NYC’s neighboring city of Newark, New Jersey has entered a second shutdown starting on Tuesday at 8 p.m. due to a recent spike in positive COVID-19 cases, Newark city officials have announced.
Under the new regulations, Newark restaurants are required to close down indoor dining by 8 p.m. daily while the shutdown is in effect, and outdoor dining must end at 11 p.m. Indoor diners’ temperatures must be taken at the door, and staff must ask customers whether they’ve been in contact with anyone who has COVID-19. Takeout and delivery are still allowed. The regulations will remain in effect at least until November 10, when the city will reassess the situation.
The shutdown was spurred by an alarming rise in positive COVID-19 tests, the New York Times reports. Testing sites in Newark recorded an 11 percent three-day average rate of positive COVID-19 tests last week, more than double the statewide positive test rate.
Restaurants affected by the second shutdown have already been struggling to get by with 25 percent capacity limits for indoor dining, according to the Times. One restaurant manager told the paper that the regional shutdown “makes no sense,” as it may simply drive customers to spend their money in other nearby towns.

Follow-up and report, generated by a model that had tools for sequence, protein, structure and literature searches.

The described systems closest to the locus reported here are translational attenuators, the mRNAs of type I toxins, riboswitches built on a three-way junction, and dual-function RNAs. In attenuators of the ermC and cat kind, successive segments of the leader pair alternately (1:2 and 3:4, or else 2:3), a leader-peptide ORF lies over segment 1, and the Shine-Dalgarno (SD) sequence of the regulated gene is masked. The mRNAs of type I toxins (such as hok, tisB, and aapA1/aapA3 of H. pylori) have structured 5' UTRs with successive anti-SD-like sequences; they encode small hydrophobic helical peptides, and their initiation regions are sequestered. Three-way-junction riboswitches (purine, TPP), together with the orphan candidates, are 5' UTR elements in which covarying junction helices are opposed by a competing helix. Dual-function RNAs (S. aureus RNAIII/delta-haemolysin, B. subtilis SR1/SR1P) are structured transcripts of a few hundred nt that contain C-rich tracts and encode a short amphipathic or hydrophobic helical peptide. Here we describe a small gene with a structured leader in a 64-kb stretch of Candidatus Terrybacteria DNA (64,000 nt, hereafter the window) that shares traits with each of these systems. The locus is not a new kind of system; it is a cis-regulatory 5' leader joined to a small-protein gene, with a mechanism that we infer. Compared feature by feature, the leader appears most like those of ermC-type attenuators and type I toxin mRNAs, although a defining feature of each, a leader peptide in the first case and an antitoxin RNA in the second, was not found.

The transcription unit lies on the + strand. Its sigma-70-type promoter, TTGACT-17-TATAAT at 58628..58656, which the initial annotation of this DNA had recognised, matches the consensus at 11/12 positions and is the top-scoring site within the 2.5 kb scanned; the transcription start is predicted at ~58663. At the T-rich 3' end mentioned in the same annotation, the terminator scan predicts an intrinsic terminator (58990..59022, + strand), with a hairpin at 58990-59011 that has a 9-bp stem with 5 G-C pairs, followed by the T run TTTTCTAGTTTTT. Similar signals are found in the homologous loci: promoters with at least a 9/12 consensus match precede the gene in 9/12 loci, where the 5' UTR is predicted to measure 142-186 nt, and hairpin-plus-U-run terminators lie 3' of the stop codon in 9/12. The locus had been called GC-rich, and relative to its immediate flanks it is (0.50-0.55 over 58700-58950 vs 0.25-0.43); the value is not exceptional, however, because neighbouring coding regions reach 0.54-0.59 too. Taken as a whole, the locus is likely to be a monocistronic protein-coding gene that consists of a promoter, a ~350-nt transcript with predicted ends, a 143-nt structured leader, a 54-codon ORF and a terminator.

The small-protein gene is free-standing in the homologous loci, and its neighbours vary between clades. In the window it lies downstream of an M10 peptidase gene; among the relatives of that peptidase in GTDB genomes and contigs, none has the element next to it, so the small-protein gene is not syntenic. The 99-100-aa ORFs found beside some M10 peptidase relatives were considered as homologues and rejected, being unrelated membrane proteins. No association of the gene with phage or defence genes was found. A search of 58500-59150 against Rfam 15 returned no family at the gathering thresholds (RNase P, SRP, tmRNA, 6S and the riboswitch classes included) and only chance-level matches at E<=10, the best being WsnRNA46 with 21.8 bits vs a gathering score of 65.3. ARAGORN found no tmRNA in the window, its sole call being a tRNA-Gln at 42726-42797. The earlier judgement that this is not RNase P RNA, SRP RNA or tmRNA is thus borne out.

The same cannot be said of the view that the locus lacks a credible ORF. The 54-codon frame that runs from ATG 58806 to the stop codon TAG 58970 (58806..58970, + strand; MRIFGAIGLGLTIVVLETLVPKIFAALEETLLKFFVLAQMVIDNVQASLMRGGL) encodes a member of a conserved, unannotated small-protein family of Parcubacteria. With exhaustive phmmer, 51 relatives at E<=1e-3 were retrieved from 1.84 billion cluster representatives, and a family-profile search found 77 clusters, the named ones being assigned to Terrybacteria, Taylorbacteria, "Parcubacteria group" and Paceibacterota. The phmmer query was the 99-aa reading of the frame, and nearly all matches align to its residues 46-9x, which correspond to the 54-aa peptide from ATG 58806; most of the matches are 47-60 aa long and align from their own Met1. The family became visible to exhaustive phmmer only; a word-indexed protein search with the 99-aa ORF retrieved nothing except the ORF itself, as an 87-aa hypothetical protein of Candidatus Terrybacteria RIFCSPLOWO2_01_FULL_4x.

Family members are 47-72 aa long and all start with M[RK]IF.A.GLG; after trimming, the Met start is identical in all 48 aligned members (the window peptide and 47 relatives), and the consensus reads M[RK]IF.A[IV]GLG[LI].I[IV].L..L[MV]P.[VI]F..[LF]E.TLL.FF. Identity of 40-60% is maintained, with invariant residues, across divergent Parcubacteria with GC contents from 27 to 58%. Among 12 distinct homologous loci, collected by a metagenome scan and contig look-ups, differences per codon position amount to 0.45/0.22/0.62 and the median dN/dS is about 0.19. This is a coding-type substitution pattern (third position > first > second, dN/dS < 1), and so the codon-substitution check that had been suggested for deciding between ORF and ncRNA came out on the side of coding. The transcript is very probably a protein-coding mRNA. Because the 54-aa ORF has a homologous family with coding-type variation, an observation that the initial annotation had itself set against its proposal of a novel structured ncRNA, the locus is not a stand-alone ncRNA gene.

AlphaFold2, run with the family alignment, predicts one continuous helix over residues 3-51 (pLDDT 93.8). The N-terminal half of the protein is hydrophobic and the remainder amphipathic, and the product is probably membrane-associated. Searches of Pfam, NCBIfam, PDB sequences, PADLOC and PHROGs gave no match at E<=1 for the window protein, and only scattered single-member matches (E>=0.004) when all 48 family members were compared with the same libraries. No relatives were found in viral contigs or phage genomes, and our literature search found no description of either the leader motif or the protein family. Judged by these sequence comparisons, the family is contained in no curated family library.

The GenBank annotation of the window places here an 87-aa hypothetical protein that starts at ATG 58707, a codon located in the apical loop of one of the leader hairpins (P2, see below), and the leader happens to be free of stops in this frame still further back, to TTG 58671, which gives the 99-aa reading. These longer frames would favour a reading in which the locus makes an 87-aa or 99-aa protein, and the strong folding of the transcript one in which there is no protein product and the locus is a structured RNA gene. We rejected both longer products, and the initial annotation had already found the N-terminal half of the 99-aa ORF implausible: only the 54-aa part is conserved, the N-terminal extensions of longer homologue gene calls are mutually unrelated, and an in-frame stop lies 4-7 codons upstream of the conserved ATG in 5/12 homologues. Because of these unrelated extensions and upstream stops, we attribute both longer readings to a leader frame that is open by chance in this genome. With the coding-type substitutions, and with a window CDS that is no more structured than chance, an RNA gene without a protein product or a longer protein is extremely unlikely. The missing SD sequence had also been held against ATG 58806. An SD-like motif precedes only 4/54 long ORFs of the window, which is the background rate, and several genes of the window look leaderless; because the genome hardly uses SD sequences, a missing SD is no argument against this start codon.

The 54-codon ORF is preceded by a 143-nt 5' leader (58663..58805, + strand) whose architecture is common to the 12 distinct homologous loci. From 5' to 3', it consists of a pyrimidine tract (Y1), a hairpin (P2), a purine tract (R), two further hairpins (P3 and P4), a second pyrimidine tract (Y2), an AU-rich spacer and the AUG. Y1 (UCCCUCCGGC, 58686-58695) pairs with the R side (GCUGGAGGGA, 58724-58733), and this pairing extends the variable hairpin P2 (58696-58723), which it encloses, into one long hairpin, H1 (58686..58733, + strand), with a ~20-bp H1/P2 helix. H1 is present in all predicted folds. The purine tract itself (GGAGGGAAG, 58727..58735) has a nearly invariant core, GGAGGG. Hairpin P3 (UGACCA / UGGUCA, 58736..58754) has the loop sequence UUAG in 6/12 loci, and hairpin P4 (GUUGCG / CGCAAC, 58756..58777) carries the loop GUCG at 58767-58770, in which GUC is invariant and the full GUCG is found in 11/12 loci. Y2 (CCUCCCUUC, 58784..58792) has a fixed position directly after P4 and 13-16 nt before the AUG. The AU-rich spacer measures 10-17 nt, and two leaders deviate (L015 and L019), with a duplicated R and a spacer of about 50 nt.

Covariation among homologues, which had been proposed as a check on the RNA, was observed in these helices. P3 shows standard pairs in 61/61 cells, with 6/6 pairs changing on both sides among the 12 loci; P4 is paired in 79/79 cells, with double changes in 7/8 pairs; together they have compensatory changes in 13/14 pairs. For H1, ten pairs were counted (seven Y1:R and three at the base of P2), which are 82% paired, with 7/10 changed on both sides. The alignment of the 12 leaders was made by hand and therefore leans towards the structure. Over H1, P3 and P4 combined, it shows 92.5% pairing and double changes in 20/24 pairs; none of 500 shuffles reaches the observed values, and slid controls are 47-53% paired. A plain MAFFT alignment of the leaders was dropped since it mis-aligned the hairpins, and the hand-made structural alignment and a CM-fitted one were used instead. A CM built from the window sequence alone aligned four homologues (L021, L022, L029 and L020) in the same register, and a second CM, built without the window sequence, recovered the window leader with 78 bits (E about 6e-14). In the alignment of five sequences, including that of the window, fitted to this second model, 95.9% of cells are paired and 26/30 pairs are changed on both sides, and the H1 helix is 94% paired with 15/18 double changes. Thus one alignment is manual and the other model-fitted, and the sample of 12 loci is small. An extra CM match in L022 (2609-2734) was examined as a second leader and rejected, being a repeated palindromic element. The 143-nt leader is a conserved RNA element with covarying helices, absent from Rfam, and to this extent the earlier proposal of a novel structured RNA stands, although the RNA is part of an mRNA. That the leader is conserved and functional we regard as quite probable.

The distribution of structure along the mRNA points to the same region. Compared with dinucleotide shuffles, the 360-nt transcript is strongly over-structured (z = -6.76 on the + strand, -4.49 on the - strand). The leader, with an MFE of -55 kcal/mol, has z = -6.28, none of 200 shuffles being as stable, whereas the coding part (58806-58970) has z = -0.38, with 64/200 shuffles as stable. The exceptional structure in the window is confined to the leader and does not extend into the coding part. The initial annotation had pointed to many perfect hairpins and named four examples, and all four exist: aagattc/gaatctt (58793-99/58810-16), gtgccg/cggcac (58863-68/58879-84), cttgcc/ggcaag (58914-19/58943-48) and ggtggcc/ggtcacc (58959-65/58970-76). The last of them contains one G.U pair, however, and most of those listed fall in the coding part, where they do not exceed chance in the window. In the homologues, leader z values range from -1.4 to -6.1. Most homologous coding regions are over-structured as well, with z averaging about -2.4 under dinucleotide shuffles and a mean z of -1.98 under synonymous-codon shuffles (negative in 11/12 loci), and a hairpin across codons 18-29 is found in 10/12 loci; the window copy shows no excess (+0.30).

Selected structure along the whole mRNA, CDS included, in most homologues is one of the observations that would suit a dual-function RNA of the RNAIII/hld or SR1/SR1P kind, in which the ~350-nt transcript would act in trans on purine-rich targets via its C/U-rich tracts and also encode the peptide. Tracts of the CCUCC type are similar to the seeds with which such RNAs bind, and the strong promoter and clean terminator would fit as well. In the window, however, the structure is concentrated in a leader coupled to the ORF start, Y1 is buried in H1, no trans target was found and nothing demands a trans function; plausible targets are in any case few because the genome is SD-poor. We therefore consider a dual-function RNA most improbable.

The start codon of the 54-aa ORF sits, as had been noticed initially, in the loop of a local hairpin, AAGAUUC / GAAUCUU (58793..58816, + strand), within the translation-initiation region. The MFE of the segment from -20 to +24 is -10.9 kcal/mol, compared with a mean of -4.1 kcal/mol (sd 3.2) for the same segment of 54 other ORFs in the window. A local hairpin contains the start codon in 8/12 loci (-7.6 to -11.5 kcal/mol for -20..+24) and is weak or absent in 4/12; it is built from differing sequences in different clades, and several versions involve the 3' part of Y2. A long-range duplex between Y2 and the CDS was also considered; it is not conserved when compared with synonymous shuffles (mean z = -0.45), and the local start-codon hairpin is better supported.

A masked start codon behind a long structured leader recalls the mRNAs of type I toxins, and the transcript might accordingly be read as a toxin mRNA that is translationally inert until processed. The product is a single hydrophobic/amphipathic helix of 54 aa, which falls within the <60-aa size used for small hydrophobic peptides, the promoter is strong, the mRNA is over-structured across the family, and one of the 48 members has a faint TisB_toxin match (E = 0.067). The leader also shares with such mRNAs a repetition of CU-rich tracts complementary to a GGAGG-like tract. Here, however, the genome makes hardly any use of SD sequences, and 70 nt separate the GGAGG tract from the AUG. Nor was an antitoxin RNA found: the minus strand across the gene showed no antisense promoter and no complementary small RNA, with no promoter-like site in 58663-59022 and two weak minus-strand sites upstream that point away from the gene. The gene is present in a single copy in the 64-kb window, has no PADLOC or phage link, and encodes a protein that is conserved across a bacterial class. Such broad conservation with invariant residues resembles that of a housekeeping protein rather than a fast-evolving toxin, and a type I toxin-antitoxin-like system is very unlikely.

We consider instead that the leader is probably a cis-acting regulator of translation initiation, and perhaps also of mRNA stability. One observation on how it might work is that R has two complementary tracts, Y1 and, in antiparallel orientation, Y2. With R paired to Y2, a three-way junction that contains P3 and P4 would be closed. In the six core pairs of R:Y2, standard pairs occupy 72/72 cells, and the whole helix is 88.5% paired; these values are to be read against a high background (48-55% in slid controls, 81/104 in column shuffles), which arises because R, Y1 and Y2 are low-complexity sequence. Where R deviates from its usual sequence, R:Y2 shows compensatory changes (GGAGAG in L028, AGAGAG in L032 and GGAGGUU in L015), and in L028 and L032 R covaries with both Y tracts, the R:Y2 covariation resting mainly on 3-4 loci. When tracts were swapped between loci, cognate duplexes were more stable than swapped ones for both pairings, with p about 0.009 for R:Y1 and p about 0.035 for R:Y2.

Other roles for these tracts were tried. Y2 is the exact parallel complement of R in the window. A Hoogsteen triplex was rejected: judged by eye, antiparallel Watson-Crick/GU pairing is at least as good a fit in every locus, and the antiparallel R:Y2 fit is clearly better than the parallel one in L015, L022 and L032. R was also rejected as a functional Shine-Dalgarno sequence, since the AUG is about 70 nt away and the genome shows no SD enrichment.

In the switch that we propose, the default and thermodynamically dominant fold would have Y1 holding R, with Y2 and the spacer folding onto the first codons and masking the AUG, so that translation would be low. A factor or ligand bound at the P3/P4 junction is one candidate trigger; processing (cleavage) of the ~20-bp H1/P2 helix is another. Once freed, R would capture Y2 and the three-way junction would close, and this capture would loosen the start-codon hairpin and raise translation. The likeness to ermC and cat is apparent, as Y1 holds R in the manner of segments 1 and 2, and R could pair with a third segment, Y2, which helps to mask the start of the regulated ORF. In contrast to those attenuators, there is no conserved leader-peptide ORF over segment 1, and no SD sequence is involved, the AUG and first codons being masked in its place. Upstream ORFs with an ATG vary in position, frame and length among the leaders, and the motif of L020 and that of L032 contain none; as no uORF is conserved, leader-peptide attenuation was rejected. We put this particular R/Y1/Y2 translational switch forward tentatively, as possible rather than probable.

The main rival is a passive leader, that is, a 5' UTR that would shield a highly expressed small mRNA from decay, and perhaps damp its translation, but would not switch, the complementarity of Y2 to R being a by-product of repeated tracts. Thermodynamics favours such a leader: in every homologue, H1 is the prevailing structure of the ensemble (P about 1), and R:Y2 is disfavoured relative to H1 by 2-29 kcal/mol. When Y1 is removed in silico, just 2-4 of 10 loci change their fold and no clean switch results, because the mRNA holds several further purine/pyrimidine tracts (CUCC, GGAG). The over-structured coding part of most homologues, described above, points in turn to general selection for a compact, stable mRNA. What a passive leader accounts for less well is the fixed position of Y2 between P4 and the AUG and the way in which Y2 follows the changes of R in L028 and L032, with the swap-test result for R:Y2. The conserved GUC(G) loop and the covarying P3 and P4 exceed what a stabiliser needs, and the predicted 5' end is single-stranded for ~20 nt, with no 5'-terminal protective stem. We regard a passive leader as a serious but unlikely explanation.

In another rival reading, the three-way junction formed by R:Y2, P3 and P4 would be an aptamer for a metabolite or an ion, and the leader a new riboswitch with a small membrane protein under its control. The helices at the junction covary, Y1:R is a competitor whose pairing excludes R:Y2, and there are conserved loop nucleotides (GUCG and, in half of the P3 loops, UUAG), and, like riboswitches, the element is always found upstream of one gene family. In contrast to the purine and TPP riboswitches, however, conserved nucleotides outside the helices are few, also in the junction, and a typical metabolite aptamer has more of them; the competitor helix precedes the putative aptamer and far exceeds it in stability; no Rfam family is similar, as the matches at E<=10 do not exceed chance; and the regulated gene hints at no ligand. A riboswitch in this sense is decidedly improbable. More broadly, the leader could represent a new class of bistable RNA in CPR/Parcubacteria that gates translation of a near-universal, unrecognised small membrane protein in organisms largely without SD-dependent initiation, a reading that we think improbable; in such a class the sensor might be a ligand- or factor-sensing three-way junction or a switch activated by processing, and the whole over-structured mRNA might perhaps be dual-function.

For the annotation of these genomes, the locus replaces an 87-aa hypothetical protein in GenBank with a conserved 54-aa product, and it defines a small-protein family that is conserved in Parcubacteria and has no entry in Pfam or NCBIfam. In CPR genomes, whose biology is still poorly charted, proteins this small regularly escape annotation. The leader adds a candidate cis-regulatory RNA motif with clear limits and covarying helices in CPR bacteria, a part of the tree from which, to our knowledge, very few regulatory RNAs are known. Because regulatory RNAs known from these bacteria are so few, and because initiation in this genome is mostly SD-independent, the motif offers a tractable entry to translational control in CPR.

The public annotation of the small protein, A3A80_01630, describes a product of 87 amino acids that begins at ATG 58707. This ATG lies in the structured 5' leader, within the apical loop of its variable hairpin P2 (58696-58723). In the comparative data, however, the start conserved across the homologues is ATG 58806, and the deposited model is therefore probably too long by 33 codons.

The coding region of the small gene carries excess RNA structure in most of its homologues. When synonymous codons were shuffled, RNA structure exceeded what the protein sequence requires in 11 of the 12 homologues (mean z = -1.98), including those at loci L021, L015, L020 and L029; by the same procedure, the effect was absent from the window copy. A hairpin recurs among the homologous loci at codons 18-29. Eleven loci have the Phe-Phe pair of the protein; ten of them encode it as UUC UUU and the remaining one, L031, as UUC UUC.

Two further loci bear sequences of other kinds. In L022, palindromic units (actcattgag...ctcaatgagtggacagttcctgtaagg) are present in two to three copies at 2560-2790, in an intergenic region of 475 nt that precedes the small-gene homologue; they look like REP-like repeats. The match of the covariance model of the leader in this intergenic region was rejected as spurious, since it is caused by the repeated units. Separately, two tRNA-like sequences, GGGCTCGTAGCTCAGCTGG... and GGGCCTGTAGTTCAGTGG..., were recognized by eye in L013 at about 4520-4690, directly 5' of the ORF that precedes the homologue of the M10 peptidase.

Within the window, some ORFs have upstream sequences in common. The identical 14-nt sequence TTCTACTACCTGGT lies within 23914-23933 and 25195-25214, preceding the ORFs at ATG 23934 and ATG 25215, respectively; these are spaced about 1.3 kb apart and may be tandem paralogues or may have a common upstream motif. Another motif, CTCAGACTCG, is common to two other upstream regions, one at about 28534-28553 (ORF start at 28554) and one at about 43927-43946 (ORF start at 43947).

Newark’s shutdown marks the first time that New Jersey has employed a regional shutdown strategy to manage upticks in COVID-19 cases. Nearby, New York City started designating zoned shutdown areas at the beginning of October to combat COVID-19 increases in Brooklyn and Queens neighborhoods.
On Wednesday, NYC reported a citywide COVID-19 positive test rate of 1.39 percent, with a rolling seven-day average of positive test rates around 1.75 percent. Currently, there is only one area in Brooklyn, covering neighborhoods including Borough Park and Gravesend, still designated as a red zone shutdown area, where restaurants have been reduced to takeout and delivery service only.
Update, 2:04 p.m.: The mayor’s office said that there is no immediate impact on NYC’s operations following Newark’s announcement, but the city is monitoring the situation.